Americans in states all across the country could start work on a federal election day and avoid the extreme worker's penalty of not having their vote counted in the democratic election if the states had a universal right to vote by mail. The deep rooted obstruction to voting, taking time off work, for now, remains a barrier to full voting Rep. Susan Davis (D-San Diego) is asking every state in the U.S. to agree to fix.
San Diegans can count on "no-excuse" absentee voting as citizens of California. But, twenty one states restrict the ability to use a mail ballot to vote in a federal election.
The campaign to add federal protection for the universal right to vote by mail to the Help America Vote Act gained a foothold a week ago when Davis' proposal to remove all requirements for voting by mail from state laws was added to the Voter Empowerment Act congressman John Lewis (Georgia) introduced in the House.
Davis had just taken a second chance at passing her own legislation Barbara Lee supported called the Universal Right to Vote by Mail Act.
"A priority of the government should be to eliminate barriers to voting because our nation is stronger when we're all involved in the decision-making," Davis said after her proposal gained the attention of a lengthy list of labor and political rights leaders in California, and in states across the country. Lee joined the group signed on to Lewis' bill. A group that counts the lead labor legislator George Miller and political rights advocates Judy Chu and Anna G Eshoo among its ranks.
The need to get a notary signature to cast a mail vote would end in states that make their citizens handle the additional cost and the inconvenience, or throw out their own vote.
State officials would prove the credibility of a citizens mail ballot by comparing the signature on the ballot with the voter's signature on the state registration list to confirm he voter's identity. A requirement Lewis added to Davis' federal guarantee for workers.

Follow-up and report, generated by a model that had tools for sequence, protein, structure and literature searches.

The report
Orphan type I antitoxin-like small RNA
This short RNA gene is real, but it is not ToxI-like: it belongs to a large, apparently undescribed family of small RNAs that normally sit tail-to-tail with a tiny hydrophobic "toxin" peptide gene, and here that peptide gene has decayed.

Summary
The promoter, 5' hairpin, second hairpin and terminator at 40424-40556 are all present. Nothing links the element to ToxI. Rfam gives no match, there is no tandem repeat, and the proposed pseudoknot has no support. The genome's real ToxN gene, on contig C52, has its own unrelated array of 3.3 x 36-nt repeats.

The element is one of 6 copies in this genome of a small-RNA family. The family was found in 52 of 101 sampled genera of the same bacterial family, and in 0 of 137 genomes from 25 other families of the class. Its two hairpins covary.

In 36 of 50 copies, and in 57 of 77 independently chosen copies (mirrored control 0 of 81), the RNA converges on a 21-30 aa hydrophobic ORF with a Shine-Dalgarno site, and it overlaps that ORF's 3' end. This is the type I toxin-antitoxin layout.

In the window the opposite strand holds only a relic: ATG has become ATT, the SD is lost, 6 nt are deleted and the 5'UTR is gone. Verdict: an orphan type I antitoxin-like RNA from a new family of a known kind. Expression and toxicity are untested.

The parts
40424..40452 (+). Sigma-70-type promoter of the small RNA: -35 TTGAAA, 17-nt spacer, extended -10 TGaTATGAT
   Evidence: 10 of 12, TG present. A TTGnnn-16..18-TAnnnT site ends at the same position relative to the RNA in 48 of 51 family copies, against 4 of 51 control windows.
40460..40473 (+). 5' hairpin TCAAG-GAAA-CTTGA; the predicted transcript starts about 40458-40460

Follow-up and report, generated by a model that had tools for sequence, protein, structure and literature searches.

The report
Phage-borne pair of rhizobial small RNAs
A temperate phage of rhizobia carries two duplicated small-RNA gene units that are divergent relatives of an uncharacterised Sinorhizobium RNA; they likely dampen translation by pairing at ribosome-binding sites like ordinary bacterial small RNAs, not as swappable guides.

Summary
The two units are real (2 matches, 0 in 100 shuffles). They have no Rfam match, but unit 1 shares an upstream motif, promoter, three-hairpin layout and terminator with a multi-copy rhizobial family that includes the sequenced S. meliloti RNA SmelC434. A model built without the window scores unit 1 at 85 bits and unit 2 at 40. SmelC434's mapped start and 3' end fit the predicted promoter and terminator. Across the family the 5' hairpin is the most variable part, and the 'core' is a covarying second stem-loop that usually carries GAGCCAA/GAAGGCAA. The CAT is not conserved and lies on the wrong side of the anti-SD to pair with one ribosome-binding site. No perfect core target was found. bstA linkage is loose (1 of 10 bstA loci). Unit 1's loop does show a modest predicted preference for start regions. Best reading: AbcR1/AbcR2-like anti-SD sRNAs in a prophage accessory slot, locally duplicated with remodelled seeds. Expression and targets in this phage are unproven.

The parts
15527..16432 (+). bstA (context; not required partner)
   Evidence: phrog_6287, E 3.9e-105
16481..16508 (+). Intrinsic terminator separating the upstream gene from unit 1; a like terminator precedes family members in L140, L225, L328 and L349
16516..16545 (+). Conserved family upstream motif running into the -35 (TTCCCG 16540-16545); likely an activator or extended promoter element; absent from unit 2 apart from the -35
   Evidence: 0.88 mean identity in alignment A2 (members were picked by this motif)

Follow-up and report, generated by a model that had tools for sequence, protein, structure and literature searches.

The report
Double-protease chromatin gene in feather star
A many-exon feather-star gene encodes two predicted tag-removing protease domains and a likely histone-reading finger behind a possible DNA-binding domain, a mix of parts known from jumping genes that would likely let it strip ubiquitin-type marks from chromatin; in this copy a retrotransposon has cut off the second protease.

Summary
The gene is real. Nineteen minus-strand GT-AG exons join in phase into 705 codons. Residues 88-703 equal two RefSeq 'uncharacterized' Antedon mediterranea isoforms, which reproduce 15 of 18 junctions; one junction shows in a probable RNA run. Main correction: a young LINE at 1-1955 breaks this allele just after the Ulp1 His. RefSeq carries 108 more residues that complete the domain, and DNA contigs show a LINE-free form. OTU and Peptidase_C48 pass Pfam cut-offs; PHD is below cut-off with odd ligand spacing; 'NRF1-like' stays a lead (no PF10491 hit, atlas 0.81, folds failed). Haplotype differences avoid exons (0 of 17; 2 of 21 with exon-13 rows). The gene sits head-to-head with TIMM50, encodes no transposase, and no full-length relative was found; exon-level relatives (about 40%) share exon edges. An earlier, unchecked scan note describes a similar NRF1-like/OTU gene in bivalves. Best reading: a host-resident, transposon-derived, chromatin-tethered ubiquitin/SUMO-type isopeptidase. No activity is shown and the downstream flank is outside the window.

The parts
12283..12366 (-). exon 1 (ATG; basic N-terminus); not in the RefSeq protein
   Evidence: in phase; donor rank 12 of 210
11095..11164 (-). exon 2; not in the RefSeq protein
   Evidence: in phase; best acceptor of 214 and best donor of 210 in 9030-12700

Die hard supporters will not abandon the voting rights campaign.
There is no turning back to the days, half a century ago, the poll tax prevented Americans from voting for their candidates on the slate. "Antiquated rules" that tell working citizens their voting official is owed an excuse before they can vote by mail, one that is not "I have to work," stand in the way of a full freedom to vote, by act, in an election, but there is opportunity to convince Democrats in both the House, and the Senate, to agree on not leaving anyone out of the decisions made in American politics.
No worries about an illness making a worker lose their opportunity to vote.
This latest version of a voting rights bill gives many Americans help who have a special situation that can keep them at standby until victory or defeat has already been decided. An enacted voting rights law would give all people who work certainty they can cast a ballot.
American service men and women could travel overseas without any citizen regrets. Any time sending them their ballots was held up past the 45 day limit, the ballot would go out by express mail, or for those who chose, by electronic mail.
The bill Lewis put on the 113th Congress' agenda would do much more than save time for the voters who currently have to stand in long lines to vote at the polls. An early voting option that gives a worker to vote without getting out of step at work, starting January 1st in 2014, still is possible. Nothing unreasonable asked of the San Diego voter. Just a place to vote within walking distance.
This is an On The Watch Take.